Few middle-aged and elderly people get enough exercise from sports or leisure-time physical activity. Therefore, the impact of everyday physical activity on health is a matter of interest. The main objective of this study was to establish whether bicycle use in everyday life is positively associated with health. A sample of 982 randomly selected men and 1,020 women age 50–70 were asked in a computer-assisted telephone interview to provide information including a self-assessment of their health and physical activity. Self-assessed health correlates positively with bicycle use in everyday life (OR = 1.257; 95% CI: 1.031–1.532). Likewise, people who regularly cycle for transport are less likely to have medical risk factors (OR = 0.794; 95% CI: 0.652–0.967). This negative correlation is not diminished when sporting activity is controlled for. This indicates that positive effects of physical activity on risk factors can be also achieved solely by integrating more physical activity into routine everyday life.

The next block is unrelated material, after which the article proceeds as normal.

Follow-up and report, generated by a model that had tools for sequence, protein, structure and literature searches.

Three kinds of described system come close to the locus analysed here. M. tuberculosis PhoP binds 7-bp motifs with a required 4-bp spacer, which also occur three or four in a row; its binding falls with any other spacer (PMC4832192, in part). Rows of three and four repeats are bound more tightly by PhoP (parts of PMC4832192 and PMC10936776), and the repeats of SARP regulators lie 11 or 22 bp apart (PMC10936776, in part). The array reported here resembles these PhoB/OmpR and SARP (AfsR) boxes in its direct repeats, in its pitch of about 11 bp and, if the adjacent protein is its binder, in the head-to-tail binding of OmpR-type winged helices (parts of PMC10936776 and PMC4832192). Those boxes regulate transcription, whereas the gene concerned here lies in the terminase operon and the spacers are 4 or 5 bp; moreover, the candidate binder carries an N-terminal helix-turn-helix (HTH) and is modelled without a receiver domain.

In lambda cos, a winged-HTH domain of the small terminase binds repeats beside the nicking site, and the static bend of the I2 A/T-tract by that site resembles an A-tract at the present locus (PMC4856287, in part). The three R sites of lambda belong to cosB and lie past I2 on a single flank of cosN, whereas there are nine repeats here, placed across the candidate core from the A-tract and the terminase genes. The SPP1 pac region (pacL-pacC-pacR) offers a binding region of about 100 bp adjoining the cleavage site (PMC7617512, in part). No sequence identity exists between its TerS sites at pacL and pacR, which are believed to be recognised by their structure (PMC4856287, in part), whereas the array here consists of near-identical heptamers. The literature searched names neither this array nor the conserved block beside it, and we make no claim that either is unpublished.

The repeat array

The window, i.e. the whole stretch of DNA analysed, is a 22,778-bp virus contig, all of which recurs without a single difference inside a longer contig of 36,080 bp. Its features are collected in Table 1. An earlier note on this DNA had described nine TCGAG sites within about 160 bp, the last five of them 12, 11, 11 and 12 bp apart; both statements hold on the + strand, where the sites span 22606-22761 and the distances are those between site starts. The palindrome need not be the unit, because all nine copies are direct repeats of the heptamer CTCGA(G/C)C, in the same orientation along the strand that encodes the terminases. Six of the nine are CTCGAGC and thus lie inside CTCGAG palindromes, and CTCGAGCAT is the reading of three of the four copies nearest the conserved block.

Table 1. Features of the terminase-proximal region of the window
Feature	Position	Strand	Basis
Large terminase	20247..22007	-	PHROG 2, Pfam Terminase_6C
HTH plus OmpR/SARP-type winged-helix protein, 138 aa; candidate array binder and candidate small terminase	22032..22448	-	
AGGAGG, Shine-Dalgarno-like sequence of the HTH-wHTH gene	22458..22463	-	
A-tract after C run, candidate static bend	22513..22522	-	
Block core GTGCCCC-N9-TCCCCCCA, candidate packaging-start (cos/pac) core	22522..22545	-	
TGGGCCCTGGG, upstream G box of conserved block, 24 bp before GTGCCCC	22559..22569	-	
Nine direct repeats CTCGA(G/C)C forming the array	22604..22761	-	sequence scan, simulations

Huy and Gomolinsky are with the Dept. of Sports Science, University of Stuttgart, D-70569 Stuttgart, Germany. Becker is with the Orthopedic Dept., Heidelberg University Hospital, Germany. Klein is with the Dept. of Sociology, University of Heidelberg, Germany. Thiel is with the Institute of Sports Science, University of Tuebingen, Germany.